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Black History Month – “My role at RMC allows me to be the voice that our clients may not have”

After working with a human rights for women non-governmental organisation (NGO) in Nigeria, Mawedo – a proud Nigerian who gained her British nationality in 2004 – wanted to continue this type of work in the UK. Initially volunteering with RMC in 2018, this led to a full time role as an advisor and health coordinator, allowing her to empower marginalised people on a daily basis.


For me, my role at RMC allows me to be the voice that our clients may not have. This can be through supporting their immigration claims or by helping them to access health care, welfare, benefits and more. This is a very important thing to me, being able to support and empower people into better situations in their lives.

I remember when I worked for the human rights women’s NGO in Nigeria, I was part of the team who supported a lady who had suffered quite severe domestic violence at work. She was in such a dire situation and we were able to get her into hospital, away from the situation, and eventually helped her return to Ghana to her family by working with the Ghanaian High Commission in Lagos. The perpetrator was reported to the police and dealt with via the legal systems, and we were able to give her a voice she felt she had lost. This was one of my proudest moments and something I will never forget.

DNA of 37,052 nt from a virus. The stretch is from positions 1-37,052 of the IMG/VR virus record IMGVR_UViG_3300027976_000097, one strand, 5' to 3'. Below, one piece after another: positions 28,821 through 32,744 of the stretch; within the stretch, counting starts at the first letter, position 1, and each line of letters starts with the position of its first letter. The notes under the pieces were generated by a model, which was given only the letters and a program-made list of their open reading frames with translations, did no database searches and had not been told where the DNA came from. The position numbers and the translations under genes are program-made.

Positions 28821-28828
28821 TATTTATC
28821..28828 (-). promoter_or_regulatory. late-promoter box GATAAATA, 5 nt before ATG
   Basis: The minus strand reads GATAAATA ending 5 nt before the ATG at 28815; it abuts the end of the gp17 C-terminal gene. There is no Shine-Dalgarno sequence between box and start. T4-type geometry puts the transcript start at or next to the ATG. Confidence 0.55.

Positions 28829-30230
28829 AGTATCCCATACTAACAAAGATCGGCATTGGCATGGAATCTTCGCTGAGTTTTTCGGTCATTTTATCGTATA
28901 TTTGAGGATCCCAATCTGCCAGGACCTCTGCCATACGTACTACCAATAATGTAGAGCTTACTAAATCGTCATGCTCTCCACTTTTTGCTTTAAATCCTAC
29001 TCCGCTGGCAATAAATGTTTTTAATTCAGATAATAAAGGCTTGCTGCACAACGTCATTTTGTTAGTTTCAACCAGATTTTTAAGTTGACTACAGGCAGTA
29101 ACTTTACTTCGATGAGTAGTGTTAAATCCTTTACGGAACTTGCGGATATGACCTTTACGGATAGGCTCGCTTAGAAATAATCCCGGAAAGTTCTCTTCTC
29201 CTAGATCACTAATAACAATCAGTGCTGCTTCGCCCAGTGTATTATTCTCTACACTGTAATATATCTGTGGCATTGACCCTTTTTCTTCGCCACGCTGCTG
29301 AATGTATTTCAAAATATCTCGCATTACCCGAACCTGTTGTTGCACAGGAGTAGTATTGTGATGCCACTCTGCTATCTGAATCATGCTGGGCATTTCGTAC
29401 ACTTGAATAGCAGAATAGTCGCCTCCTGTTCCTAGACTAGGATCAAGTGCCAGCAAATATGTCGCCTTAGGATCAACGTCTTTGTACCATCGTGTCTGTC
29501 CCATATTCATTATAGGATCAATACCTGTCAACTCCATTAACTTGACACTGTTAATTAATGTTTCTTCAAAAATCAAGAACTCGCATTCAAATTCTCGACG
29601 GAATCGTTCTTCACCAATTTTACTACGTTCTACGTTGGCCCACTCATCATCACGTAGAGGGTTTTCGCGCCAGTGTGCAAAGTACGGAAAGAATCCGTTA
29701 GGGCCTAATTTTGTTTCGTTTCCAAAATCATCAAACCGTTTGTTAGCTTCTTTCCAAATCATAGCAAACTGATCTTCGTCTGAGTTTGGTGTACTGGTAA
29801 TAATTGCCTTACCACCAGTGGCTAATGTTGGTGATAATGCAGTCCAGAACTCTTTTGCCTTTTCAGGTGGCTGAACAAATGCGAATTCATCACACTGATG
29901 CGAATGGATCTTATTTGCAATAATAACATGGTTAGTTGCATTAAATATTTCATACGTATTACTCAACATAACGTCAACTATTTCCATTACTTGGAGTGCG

When I came to RMC as a volunteer I brought skills from my previous employment, but the staff at RMC have helped to develop other skills in me which I had no idea I possessed. They helped empower me and I want to be able to do this for other people. It’s one of the reasons that alongside RMC, I also teach at a Sunday school in my church. It’s a great feeling when the children get to a certain age and say: “because of what I was taught in Sunday school, I have been able to achieve a lot.” It’s not often you get to see the true impact of what you do, but when you get that chance it is such a great feeling.

In the future, I would love the chance to continue working with grassroots organisations, or even to start my own NGO! It’s a place you get put in the frontline, having to react quickly. The adrenaline of the work is amazing. You’re in the middle of it like a first responder, making an impact. Even those little changes make a difference.

I am very proud of my history, my culture and my faith and think this is something very important to share and celebrate. It’s why I teach children at Sunday school and why I am passionate about helping others. For me, celebrating Black History Month is a way to help people understand their roots and identify properly with themselves and other people from the same cultures. It can be very difficult blending two different cultures and you have to make sacrifices as to which is more important for you. More education and information about your own background and history helps people understand this and identify themselves, regardless of where they were born. They can simply stand tall and be proud of who they are!

Black History Month in the UK takes place from the 1st to 31st October. This national celebration aims to promote and celebrate black contributions to British society, and to foster an understanding of black history in general.

Over the next week, we will be sharing the stories, experiences and successes from members of staff and volunteers at the charity to coincide with the end of Black History Month.

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